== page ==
Search for nuclear-waste depository continues (March 2015)

By: Dave Taylor, Winnipeg Free Press, March 8, 2015

Nuclear waste will not be disposed of next to Flin Flon on the Manitoba border. The organization that has been given the responsibility of finding a hole for Canadas, and possibly the worlds, nuclear waste has decided that the community of Creighton, Sask., is not worthy.

Of course the public is told the geological conditions are not suitable, but thats not the only reason the Nuclear Waste Management Organization (NWMO) is dropping Creighton from its list of 11 finalists.

The NWMO represents all the Canadian companies that presently have in their possession high level radioactive waste that will be toxic to life on Earth for hundreds of thousands of years. The federal government, which handed off the task of finding a dump, has left it to these owners because after several attempts at trying to convince Canadians to host it, they realized nuclear waste was not politically sexy, and a federal crown corporation could not make it happen.

So the dirty work has been outsourced and arranged in a long boring process that started with 22 host communities and has been now trimmed to nine, mostly in southern Ontario. Each of these communities received $400,000 for throwing their hats in the ring. The big players and funders of this process are the nuclear [waste producing] corporations from Ontario, New Brunswick and Quebec.

It is true they are several decades away from actually filling the Canadian Shield with this toxic material, but slowly and insidiously they are moving towards convincing a community to become the site. They also make it clear that the dump will be for Canadas waste only. The world, however, is watching and there is money to be made by dealing with other countries’ problems. The promise of money and jobs in perpetuity is the bait the NWMO fishes with.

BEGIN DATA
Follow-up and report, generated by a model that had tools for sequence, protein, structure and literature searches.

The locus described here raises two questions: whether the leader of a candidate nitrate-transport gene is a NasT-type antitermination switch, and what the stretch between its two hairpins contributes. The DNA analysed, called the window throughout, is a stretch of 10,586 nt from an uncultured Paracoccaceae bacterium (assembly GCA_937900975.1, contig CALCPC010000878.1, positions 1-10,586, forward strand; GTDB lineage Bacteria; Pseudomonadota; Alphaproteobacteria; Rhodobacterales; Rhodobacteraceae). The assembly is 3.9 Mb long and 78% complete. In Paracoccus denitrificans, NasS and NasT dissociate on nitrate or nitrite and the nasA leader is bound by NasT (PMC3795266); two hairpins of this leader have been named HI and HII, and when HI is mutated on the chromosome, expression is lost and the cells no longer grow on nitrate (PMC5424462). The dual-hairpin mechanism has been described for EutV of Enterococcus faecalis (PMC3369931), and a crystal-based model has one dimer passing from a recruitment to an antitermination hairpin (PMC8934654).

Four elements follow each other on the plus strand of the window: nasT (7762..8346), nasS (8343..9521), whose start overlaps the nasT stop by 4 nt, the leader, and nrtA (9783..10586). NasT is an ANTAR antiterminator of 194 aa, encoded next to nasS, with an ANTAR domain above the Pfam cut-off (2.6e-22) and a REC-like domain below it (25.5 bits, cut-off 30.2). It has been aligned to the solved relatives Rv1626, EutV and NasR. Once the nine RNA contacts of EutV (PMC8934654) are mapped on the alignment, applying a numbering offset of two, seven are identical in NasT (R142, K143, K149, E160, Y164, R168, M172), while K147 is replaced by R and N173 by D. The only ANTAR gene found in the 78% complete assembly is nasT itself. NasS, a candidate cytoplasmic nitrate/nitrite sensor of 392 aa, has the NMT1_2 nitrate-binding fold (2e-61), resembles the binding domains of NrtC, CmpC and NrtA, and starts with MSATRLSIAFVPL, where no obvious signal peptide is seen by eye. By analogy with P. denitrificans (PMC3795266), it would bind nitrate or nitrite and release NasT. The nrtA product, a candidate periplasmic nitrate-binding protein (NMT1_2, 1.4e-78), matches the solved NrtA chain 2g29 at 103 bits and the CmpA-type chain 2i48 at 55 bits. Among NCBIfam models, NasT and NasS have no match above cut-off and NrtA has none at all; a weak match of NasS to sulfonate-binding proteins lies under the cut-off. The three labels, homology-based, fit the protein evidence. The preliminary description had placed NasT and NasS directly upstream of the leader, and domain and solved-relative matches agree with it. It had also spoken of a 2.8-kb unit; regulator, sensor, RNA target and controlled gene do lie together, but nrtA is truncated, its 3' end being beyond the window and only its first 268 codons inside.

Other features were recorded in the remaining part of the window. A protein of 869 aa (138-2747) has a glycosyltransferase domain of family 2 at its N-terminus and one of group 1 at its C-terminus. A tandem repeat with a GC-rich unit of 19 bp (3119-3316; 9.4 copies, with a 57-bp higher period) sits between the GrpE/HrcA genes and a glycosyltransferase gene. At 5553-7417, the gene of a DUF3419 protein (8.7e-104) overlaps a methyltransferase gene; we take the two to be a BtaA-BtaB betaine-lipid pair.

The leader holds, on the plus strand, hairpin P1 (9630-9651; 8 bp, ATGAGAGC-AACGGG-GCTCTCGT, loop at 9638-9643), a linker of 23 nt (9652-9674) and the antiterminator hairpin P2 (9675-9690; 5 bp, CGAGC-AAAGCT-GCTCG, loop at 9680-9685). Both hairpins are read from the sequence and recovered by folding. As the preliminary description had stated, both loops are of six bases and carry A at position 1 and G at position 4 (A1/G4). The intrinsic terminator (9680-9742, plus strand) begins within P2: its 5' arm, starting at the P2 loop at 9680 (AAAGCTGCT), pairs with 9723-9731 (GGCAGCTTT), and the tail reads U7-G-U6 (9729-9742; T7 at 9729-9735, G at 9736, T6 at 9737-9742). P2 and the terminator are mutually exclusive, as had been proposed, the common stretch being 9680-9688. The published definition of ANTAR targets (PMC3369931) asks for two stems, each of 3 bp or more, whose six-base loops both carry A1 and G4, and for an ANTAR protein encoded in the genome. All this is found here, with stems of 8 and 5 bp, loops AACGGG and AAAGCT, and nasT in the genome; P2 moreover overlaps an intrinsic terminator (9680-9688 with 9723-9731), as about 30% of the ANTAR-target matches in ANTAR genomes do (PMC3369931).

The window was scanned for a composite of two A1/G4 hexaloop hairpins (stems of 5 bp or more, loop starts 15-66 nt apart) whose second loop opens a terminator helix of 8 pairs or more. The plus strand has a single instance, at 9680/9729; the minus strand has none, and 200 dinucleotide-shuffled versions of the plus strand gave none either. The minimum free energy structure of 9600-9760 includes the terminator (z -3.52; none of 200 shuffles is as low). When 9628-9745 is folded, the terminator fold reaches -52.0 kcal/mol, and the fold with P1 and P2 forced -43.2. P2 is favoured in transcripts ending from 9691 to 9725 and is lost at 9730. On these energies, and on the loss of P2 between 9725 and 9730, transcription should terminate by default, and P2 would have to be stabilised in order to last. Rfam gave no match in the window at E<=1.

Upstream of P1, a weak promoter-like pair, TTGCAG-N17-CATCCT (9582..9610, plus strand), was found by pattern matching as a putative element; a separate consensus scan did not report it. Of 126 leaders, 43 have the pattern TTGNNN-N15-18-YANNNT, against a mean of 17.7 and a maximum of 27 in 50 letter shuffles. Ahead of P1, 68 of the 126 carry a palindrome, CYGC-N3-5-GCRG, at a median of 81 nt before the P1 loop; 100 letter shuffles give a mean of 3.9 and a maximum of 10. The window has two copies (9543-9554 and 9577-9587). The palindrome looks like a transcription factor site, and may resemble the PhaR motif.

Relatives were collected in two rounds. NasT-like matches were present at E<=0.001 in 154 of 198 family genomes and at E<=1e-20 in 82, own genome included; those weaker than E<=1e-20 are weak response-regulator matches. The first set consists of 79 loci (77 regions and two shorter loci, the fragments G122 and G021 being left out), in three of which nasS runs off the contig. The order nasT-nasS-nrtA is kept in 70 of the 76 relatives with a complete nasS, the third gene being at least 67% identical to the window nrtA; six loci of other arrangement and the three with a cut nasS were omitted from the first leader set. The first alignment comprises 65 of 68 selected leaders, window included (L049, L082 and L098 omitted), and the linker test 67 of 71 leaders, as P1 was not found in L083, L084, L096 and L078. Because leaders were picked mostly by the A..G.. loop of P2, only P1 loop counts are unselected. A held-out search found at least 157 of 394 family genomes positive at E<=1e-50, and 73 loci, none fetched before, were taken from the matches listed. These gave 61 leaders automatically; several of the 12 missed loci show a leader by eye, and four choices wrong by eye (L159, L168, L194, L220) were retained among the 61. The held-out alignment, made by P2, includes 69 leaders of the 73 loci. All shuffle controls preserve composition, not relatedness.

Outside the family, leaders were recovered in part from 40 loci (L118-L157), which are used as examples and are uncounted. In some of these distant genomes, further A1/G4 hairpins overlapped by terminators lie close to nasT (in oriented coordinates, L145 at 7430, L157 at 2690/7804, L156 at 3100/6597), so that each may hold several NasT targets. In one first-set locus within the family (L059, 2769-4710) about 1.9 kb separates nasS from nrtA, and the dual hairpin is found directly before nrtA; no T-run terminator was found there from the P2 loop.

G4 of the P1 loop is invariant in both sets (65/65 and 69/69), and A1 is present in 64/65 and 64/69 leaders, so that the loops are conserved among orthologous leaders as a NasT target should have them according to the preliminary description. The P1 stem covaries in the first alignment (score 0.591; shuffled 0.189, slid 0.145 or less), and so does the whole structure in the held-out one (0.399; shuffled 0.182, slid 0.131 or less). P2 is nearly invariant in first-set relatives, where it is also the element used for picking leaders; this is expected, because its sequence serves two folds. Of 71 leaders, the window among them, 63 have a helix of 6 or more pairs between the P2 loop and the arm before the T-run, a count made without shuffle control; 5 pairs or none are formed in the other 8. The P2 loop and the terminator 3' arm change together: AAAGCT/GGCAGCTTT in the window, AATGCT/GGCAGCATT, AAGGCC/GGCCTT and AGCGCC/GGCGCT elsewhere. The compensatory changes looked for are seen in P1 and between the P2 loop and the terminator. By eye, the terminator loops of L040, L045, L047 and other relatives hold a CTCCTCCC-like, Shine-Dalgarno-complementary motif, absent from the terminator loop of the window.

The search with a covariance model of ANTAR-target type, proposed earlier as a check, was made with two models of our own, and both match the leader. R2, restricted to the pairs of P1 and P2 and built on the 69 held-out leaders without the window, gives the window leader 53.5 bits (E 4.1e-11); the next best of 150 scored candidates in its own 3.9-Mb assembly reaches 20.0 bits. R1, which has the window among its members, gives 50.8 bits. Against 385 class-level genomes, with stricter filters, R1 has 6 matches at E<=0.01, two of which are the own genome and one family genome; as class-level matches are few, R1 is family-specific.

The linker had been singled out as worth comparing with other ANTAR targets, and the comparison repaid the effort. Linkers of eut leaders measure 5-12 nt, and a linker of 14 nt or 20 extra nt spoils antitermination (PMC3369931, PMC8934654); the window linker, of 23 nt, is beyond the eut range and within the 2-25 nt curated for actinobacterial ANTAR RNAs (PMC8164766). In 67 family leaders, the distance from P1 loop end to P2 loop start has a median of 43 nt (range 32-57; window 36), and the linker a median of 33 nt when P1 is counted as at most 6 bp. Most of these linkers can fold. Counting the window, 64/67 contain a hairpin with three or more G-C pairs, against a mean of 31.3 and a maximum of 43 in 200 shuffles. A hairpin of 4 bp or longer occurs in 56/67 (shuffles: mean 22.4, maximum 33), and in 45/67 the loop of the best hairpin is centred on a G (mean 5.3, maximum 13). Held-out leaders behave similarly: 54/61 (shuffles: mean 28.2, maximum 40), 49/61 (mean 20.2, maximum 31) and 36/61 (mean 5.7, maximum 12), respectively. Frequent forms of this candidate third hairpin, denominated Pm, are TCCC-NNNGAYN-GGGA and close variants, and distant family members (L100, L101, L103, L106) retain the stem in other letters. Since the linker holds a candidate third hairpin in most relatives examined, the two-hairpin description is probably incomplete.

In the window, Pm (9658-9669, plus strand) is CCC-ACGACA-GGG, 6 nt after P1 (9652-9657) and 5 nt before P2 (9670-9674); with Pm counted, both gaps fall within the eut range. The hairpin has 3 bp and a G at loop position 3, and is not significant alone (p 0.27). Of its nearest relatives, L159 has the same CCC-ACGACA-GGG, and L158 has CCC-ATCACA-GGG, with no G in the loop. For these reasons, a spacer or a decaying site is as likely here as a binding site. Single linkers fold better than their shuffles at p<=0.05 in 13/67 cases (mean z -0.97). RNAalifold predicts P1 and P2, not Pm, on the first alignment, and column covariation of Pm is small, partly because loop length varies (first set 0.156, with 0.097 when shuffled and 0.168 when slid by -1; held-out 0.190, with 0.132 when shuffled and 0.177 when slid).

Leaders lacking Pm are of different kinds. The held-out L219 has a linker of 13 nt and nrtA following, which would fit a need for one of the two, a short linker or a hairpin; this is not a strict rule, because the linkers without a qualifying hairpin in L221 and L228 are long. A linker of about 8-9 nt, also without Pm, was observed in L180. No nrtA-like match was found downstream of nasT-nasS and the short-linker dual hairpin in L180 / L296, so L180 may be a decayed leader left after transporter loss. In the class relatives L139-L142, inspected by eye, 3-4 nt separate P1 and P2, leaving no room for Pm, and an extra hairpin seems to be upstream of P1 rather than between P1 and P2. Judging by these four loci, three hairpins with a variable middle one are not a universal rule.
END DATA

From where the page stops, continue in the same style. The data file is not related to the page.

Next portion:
The science of nuclear waste disposal is based upon Atomic Energy of Canadas scheme using long-range computer modelling. The scientists make it clear the disposal sites will eventually leak, but so far into the future that the radioactivity will be reduced to an insignificant amount. They have based their projections on the fact that the granite of the Canadian Shield has been stable for hundreds of thousands [millions] of years and will continue to be into the future.

The Underground Research Laboratory at Lac Du Bonnet was recently shut down and closed, but when it was being used, it was riddled with cracks and fissures through which flowed groundwater. George Ylonen, a hard rock miner who criticized the idea because of his knowledge about the flow of water through rock, passed away this year.

Significantly, the lab itself constantly filled with water, and pumps were regularly used to attempt to keep it dry. Water is the biggest threat to a repository because its water that carries the radioactivity into the environment.

The official line was that Creighton was scratched for scientific reasons. In reality, a well-organized opposition, Saskatchewans Committee for Future Generations, and the Peter Ballantyne Cree Nation, were pivotal in preventing this repository from being built on traditional territory.

They only had to consult with their elders the rock of the Canadian Shield is considered the grandfather according to cultural traditions, and you dont put poison in your grandfather.

Dave Taylor is a freelance writer and anti-nuclear activist.

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